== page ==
When Do You Stop Adding To Savings?
Joel wants to know if he should continue to add to the baby emergency fund while he's getting out of debt or stop saving. Dave explains the best way to get out of debt is focus.
QUESTION: Joel on Facebook wants to know if he should continue to add to the baby emergency fund while he’s getting out of debt or stop saving. Dave explains the best way to get out of debt is focus.
ANSWER: Yes, you do. Baby Step 1 is you don’t pay any extra on your debt and you don’t put anything into retirement and you don’t have any fluff in your budget and you totally concentrate on Baby Step 1 with every dollar you can squeeze out of your budget until Baby Step 1 is done. Baby Step 1 is $1,000 in a beginner, starter emergency fund. Baby Step 2 is starting to attack your debt, everything but the house, listing your debts smallest to largest, pay minimum payments on everything but the little one, and attack the little one with a vengeance. When you start working on that, you’re not saving anything. All you’re doing is attacking debt. Complete focus. What you focus on is what you win at. If you focus on your health, you’ll start winning at your health. If you focus on your career, you’ll start winning at your career. If you focus on who can’t get a date, then you’ll know everything about The Bachelor. What you focus on is what you’re going to know about. Focusing on your debt is going to knock your debt out.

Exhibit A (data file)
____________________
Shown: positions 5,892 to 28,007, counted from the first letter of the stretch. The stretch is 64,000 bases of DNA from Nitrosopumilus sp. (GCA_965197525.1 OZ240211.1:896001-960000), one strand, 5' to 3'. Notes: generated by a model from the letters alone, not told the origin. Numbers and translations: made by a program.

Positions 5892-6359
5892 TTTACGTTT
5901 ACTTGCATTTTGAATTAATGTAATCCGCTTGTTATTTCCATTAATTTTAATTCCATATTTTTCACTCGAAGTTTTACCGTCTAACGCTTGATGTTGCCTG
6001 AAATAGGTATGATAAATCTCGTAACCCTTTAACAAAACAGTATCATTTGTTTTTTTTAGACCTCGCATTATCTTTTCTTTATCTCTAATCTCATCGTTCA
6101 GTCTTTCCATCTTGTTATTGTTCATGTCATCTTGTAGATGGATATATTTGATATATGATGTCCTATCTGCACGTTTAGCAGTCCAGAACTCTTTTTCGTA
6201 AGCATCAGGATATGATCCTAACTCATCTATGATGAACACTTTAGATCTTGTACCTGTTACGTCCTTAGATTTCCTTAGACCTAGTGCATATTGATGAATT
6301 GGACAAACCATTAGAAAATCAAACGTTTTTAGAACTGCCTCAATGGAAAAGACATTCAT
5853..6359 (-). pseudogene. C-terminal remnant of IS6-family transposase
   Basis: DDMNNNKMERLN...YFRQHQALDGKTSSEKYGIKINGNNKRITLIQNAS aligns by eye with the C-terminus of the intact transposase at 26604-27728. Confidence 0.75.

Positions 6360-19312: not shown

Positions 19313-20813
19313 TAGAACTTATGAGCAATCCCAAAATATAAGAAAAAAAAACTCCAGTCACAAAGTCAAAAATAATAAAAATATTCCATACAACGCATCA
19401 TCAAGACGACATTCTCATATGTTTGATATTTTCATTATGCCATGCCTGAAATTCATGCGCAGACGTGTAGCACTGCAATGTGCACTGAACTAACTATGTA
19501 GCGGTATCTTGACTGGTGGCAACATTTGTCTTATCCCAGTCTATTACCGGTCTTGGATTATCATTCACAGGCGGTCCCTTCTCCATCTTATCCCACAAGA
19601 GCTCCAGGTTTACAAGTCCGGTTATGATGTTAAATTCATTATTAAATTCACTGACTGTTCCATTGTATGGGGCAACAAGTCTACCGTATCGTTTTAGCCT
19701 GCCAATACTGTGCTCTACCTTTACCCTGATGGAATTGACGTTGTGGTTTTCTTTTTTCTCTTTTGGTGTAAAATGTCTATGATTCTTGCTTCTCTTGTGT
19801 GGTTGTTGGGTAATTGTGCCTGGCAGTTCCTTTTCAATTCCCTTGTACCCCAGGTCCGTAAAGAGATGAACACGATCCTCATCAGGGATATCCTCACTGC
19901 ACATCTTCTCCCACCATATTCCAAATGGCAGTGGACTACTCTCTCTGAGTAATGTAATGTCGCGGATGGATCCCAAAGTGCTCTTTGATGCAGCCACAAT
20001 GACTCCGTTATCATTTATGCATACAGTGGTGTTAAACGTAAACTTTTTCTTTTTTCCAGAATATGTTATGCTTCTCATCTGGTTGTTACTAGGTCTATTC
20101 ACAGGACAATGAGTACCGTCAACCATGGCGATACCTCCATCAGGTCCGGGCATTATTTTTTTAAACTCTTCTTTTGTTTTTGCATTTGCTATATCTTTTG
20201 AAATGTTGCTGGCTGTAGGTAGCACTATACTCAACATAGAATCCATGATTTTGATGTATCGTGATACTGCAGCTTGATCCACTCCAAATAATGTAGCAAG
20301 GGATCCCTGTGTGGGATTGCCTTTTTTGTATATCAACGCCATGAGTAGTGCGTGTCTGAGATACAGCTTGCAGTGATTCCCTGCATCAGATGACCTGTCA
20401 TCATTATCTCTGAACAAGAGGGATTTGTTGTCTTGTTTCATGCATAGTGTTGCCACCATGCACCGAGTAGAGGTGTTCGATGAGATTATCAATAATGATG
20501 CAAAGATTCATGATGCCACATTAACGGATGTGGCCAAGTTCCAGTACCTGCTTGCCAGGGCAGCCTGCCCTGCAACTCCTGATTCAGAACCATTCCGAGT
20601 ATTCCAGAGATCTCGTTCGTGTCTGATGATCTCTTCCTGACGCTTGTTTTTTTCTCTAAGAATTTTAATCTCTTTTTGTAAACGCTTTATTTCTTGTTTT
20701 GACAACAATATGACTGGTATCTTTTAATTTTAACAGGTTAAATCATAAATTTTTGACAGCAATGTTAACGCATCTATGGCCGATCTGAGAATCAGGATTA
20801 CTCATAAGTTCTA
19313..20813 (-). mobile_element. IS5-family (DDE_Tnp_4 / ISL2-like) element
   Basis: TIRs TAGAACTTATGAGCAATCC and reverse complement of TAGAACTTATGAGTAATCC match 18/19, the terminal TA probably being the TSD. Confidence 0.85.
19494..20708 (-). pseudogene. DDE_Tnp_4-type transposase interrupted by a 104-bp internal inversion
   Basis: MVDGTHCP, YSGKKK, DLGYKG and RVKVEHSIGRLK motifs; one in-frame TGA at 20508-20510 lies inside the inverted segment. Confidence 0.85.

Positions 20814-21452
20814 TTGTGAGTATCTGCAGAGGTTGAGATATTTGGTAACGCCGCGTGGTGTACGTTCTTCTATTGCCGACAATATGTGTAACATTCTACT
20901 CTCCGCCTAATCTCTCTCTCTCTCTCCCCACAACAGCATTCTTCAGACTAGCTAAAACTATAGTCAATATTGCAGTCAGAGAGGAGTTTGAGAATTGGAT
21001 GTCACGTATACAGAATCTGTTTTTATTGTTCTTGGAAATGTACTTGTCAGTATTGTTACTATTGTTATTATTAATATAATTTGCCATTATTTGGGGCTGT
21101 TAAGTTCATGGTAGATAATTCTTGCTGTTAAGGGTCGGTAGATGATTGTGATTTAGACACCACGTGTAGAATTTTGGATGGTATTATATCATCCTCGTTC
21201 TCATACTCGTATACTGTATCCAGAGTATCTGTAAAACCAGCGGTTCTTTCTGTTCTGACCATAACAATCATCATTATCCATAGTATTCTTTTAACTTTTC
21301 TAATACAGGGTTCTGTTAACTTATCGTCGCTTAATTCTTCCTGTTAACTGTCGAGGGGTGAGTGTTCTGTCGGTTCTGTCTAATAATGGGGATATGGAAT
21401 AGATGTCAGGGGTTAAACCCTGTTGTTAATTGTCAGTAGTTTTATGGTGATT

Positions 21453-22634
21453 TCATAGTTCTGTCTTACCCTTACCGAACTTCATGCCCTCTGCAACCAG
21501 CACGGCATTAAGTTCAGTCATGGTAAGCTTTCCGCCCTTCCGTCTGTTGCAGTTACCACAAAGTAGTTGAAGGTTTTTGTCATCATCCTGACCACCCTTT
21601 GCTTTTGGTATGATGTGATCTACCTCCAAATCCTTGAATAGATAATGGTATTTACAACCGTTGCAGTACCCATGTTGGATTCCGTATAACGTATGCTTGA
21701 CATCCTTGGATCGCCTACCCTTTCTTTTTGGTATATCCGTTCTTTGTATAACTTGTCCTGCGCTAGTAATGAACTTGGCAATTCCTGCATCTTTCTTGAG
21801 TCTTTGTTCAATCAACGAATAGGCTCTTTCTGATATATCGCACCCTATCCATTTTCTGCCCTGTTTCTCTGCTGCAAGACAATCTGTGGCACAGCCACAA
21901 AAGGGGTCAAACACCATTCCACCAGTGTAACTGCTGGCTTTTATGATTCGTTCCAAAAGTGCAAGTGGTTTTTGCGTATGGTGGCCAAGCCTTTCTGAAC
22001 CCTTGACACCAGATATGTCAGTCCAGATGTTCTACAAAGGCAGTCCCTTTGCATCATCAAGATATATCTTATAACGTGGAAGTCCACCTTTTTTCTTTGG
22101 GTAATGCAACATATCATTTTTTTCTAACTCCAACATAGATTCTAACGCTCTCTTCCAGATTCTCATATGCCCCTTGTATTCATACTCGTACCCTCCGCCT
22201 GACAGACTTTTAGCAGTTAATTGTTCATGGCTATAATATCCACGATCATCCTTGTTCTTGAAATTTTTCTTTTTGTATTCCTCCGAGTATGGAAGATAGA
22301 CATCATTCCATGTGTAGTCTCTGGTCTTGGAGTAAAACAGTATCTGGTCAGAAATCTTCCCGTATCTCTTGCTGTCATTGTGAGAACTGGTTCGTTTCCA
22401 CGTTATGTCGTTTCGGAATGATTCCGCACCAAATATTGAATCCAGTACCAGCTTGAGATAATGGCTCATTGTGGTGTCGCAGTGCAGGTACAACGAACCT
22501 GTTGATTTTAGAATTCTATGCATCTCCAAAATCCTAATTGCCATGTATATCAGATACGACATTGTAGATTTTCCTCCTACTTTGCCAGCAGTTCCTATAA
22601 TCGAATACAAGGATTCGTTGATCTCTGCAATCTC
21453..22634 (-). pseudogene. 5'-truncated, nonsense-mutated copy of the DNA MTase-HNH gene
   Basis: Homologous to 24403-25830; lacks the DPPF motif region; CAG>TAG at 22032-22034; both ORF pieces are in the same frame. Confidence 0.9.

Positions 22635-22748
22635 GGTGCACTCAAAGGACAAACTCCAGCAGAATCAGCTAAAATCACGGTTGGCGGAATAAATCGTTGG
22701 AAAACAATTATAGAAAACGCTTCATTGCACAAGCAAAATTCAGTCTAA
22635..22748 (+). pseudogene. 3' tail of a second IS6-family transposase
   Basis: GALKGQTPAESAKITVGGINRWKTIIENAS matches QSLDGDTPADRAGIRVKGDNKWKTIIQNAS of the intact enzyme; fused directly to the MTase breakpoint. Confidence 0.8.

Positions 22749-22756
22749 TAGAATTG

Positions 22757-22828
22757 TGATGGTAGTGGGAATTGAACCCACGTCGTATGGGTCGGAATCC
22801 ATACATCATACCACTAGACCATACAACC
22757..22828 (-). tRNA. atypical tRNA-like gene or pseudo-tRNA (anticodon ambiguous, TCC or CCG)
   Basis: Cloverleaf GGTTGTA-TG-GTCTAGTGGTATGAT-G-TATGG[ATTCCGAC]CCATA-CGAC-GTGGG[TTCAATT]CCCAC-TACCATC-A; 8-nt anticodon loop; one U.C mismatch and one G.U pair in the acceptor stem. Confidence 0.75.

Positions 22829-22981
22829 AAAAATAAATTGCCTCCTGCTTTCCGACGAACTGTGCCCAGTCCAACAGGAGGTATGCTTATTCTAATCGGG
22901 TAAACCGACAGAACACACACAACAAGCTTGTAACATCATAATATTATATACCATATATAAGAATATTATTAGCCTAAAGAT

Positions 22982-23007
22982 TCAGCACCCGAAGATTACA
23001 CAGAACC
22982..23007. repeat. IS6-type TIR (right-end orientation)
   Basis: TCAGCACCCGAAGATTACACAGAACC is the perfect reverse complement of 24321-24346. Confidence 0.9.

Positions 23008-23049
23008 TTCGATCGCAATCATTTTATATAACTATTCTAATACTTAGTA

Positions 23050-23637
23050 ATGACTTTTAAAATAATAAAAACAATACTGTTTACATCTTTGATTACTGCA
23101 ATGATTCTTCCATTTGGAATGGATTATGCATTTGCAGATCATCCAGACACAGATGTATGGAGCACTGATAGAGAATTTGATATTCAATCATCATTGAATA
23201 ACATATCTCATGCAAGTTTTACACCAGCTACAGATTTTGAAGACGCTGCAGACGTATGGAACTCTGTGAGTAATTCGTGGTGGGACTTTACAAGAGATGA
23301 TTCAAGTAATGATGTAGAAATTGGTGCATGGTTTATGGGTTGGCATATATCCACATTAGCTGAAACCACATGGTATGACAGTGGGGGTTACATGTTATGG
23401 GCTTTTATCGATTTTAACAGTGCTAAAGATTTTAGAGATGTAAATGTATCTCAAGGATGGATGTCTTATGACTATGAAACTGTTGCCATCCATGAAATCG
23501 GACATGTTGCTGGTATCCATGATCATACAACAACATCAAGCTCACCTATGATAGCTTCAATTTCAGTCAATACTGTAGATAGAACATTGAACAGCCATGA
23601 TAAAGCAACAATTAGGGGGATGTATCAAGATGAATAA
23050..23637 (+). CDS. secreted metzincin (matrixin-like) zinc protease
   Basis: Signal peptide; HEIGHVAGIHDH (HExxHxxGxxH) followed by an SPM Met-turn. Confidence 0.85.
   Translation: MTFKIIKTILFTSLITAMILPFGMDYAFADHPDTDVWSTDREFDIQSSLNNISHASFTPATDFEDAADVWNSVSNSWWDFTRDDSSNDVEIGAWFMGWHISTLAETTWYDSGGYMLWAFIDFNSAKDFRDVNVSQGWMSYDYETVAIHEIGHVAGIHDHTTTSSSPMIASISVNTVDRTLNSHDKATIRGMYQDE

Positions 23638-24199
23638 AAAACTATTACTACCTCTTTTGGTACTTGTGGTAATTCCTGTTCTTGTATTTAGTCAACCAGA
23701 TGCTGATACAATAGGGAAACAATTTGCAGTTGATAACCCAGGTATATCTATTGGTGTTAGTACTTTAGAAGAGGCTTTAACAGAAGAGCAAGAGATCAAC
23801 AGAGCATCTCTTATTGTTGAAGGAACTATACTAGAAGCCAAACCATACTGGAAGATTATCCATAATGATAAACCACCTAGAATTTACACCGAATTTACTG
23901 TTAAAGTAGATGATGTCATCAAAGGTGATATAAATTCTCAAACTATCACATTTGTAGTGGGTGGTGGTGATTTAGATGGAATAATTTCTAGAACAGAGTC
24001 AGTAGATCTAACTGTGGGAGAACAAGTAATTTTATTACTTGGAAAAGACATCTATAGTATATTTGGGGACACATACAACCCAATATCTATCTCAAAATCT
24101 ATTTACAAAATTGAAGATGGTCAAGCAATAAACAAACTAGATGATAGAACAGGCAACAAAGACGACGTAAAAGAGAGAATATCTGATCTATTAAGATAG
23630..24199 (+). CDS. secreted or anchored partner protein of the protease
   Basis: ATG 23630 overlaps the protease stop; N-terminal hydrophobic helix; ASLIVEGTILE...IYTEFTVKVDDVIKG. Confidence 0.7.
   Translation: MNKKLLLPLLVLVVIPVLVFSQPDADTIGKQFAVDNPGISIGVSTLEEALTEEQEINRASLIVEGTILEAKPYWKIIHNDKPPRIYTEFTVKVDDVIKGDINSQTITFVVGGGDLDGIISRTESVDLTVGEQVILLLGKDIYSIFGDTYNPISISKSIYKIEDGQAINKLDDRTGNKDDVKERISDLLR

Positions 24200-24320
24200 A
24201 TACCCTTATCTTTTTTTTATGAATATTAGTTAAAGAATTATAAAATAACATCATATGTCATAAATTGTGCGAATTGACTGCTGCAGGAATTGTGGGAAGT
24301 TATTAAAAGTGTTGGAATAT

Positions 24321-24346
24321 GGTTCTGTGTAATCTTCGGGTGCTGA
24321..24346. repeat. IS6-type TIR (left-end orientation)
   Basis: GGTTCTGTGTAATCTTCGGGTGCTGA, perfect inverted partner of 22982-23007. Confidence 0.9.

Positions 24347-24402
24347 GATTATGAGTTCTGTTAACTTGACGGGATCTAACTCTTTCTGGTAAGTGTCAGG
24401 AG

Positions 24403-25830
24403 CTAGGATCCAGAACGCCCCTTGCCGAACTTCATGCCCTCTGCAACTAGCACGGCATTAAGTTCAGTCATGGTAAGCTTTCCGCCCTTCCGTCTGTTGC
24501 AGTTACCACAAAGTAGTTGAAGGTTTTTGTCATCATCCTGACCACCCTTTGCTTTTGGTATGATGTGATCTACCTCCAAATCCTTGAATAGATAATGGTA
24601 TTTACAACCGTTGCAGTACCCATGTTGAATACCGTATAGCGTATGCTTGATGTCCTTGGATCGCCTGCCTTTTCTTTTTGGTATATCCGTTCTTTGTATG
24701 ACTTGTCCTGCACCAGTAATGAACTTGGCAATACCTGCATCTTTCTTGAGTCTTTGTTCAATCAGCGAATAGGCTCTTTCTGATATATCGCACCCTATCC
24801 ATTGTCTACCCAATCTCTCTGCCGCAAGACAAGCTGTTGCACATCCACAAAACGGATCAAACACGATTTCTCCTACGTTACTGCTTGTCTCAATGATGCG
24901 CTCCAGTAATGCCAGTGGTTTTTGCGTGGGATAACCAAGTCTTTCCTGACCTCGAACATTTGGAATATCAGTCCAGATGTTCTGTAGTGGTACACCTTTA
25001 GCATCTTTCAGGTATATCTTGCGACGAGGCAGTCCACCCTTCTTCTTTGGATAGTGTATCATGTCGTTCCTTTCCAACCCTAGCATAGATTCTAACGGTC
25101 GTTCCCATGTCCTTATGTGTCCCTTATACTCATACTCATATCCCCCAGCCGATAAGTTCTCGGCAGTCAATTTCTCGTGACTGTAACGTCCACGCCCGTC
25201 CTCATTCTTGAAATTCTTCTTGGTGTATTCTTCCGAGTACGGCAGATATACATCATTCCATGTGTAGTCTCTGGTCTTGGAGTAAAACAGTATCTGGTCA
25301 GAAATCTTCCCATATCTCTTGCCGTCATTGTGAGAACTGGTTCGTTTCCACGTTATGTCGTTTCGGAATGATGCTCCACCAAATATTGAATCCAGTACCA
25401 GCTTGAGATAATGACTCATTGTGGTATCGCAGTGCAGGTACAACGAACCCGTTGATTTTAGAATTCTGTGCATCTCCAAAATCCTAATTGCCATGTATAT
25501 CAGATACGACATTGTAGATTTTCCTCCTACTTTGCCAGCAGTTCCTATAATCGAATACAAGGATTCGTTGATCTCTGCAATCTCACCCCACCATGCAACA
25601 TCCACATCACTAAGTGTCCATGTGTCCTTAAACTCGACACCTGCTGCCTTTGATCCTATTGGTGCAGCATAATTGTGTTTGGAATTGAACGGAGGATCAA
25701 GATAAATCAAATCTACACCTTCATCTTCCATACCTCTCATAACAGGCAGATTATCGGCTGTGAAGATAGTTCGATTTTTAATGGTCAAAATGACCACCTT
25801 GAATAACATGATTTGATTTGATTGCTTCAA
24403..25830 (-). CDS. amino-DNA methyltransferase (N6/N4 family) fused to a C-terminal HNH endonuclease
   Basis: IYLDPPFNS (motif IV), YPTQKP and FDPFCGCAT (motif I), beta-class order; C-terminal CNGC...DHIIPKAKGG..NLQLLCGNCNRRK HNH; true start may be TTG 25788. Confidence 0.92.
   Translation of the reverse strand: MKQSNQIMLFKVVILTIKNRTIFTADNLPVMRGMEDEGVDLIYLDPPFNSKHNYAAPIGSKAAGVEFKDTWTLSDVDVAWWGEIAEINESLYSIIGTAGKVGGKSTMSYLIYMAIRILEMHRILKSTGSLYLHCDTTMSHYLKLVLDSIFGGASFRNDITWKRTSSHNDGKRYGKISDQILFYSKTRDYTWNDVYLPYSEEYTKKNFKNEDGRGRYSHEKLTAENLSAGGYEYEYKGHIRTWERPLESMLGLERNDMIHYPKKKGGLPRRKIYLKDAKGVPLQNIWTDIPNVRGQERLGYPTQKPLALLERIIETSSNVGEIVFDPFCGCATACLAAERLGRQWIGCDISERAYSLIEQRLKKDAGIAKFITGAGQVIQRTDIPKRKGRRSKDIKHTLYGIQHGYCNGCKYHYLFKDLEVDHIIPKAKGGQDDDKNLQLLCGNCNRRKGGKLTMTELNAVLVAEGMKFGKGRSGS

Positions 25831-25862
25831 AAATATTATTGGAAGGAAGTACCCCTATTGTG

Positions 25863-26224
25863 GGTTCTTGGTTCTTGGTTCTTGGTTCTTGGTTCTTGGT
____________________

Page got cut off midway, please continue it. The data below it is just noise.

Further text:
Once you have the $1,000, I would not continue adding anything to that nor would I add anything to retirement while you’re working the debt snowball. When the debt snowball is done, you’re debt-free but your house. Now we’re not going to pay any extra on the house until we build the $1,000 account up in Baby Step 3 to three to six months of expenses. Once that’s done, then Baby Steps 4, 5 and 6 we do at the same time. Baby Step 4 is putting 15% of your income into retirement, Baby Step 5 is saving for your kids’ college and Baby Step 6 is all extra goes to pay off the house. People working the Total Money Makeover are paying off their homes on average in about seven years. They’re debt-free on average in 18-24 months. In six more months, they have their emergency fund of three to six months of expenses set aside. That’s the average, which means some do it faster and some do it slower.